Here’s what Burna Boy is up against at the 63rd annual Grammy Awards

We're sizing up the competition, and weighing in on the African Giant's chances of bringing it home

Yesterday evening, the self-proclaimed African Giant, Burna Boy, earned his second Grammy nomination, mere months after he lost to Beninoise icon, Angelique Kidjo, who herself featured on Africa Giant. Realising Twice As Tall back in August, just a year after his critically acclaimed, commercially resounding middle finger to Coachella and the big font mockers, Burna Boy’s latest album was indubitably positioned for the Grammys’ consideration. Executively produced by Sean ‘Diddy’ Combs, featuring hip-hop legends such as Timbaland and Naughty By Nature, it’s no surprise that Burna Boy, once again, caught the attention of the Recording Academy. But, it is still in the air as to whether or not he will emerge triumphant or if this year’s Grammy campaign will end in another disappointment for Burna Boy and the African listeners who are so fervently rooting for him to bring it home.

Up for the controversially-titled ‘Best Global Music Album’ alongside Burna Boy are: Antibalas, a Brooklyn tribute band also seeking to keep the spirit of Fela alive through their afrobeat music, and most recently the Grammy-nominated album, Fu Chronicles; Brazilian music royalty Bebel Gilberto, who released her first album in six years this august, Agora; British-Indian classical musician Anoushka Shankar’s Love Letter; and 2011 Best World Music Album winners, Tinariwen with their latest instalment, Amadjar.  All these albums are unique in their own merits, but Burna Boy does stand out amongst the rest for his album’s commerciality – which may or may not prove to be a drawback for Twice As Tall.

Heavily contended over the years, the Grammys recently made an attempt to appease audiences by changing the ‘Best World Music Album’ category to ‘Best Global Music Category’. Mentioning that they worked with linguists, amongst other experts, our hopes that this category would be expanded to reflect the multiplicity of music from non-American regions – as opposed to just cosmetically rebuffed – were completely dashed when these nominations came in. As usual, nothing aligns, however, its Burna Boy’s pop tendencies that particularly stick out like a sore thumb.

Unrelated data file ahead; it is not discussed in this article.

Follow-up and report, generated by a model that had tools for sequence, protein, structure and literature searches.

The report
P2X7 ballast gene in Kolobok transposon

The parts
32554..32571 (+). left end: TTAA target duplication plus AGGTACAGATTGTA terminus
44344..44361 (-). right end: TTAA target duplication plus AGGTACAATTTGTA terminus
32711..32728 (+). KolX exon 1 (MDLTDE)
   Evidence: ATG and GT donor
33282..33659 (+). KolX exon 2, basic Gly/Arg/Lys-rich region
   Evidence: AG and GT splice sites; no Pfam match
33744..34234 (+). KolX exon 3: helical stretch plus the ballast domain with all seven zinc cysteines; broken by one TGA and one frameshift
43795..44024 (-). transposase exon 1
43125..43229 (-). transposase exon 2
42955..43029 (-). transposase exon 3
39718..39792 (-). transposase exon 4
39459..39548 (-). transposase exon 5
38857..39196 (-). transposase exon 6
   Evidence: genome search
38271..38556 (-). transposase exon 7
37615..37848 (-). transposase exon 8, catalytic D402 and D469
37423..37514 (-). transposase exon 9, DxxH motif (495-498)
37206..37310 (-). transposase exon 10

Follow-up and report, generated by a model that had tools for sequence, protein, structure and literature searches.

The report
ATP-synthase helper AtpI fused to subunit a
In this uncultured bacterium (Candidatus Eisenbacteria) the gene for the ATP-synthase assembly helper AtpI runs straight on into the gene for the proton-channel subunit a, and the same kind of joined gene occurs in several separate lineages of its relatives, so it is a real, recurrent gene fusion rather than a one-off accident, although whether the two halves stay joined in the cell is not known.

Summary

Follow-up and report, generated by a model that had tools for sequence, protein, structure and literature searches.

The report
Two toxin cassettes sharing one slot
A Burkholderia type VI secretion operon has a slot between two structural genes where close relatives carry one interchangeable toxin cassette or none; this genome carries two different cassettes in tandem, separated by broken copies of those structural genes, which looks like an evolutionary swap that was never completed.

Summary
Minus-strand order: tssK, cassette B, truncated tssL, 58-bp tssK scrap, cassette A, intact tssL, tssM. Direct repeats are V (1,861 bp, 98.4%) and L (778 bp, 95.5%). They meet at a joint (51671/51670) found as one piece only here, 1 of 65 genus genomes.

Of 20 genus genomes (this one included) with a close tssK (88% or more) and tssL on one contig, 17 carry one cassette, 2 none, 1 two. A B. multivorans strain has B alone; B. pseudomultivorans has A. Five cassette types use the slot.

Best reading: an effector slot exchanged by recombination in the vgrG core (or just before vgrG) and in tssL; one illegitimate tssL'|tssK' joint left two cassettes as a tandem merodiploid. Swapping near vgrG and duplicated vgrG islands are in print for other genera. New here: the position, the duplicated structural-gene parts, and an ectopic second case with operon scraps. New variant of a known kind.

The fact that Twice As Tall isn’t as classical or traditional as the other albums in the category indicates that it doesn’t quite fit into the ideal specifications of the awarding body, especially when looking back at winners of the category over the years. In the past, wins from Yo-Yo Ma’s Sing Me Home in 2017, Ladysmith Black Mambazo in 2014 and 2018, Soweto Gospel Choir in 2019, and Angelique Kidjo in 2015, ’16 and ’20, suggest that the ‘Global’ or ‘World’ is emphasised not in the artists’ country of origin, but in the proximity to ‘foreignness’ of the music itself. In this light, Burna Boy’s commercial success might actually be a hindrance to him, which is utterly unfair, considering the strength of the body of work. It seems obvious that instead of Burna being nominated amongst composers and instrumentalist, perhaps another category should be made for contemporary productions, separate to the classical compositions that tend to succeed in ‘Best World/Global Music’ – after all, these distinctions do exist for American music in other areas of the award ceremony.

Nevertheless, Burna Boy’s Twice As Tall has been excellently received and is a legitimately solid album, that many have praised as worthy of the Grammy. Unfortunately, however, from looking at the other categories announced this year, a case for commercial success being a deciding factor looks thin. The Weeknd’s “Blinding Lights” broke several Billboard records this year, but received not one nomination, nor did The Weekend himself or Lil Uzi Vert. These were amongst other snubs at popular Black music, such as Pop Smoke and Roddy Ricch nominations being omitted from album categories where they very clearly soared. Clearly, ubiquity isn’t a factor that matters much to the Grammys so we wouldn’t bet on charting success increasing Burna Boy’s chances. We will always be rooting for one of our own, and we do have faith that this Grammy is Burna’s, but one must err on the side of caution.

With that said, in a bid to avoid another shocking disappointment like January’s, the NATIVE team had a look at all the albums Twice As Tall is actually up against, and, below, weigh in on his chances of securing the win, for himself and our continent. We do hope the Recording Academy do the right thing for once, but if they don’t we’ll have a lot of fun calling curtains on the show. The evil they have done is truly enough.

Anoushka Shankar – ‘Love Letter’

British-Indian classical music artist, Anoushka Shankar is one of the strong contenders for the 2021 Grammy Award for Best Global Music Award. Her latest EP, ‘Love Letter’ met the category’s criteria for containing at least 51% playing time of new vocals or instrumental of global music as she personified the deeply complex and meditative intricacies of Indian classical music over the 6-track tape. The EP is her 11th project and just like Burna Boy, Anoushka Shankar is still waiting for her first Grammy win though she’s been nominated more than once. In fact, this is her 7th Grammy nomination since she debuted her self-titled album, ‘Anoushka’ in 1998.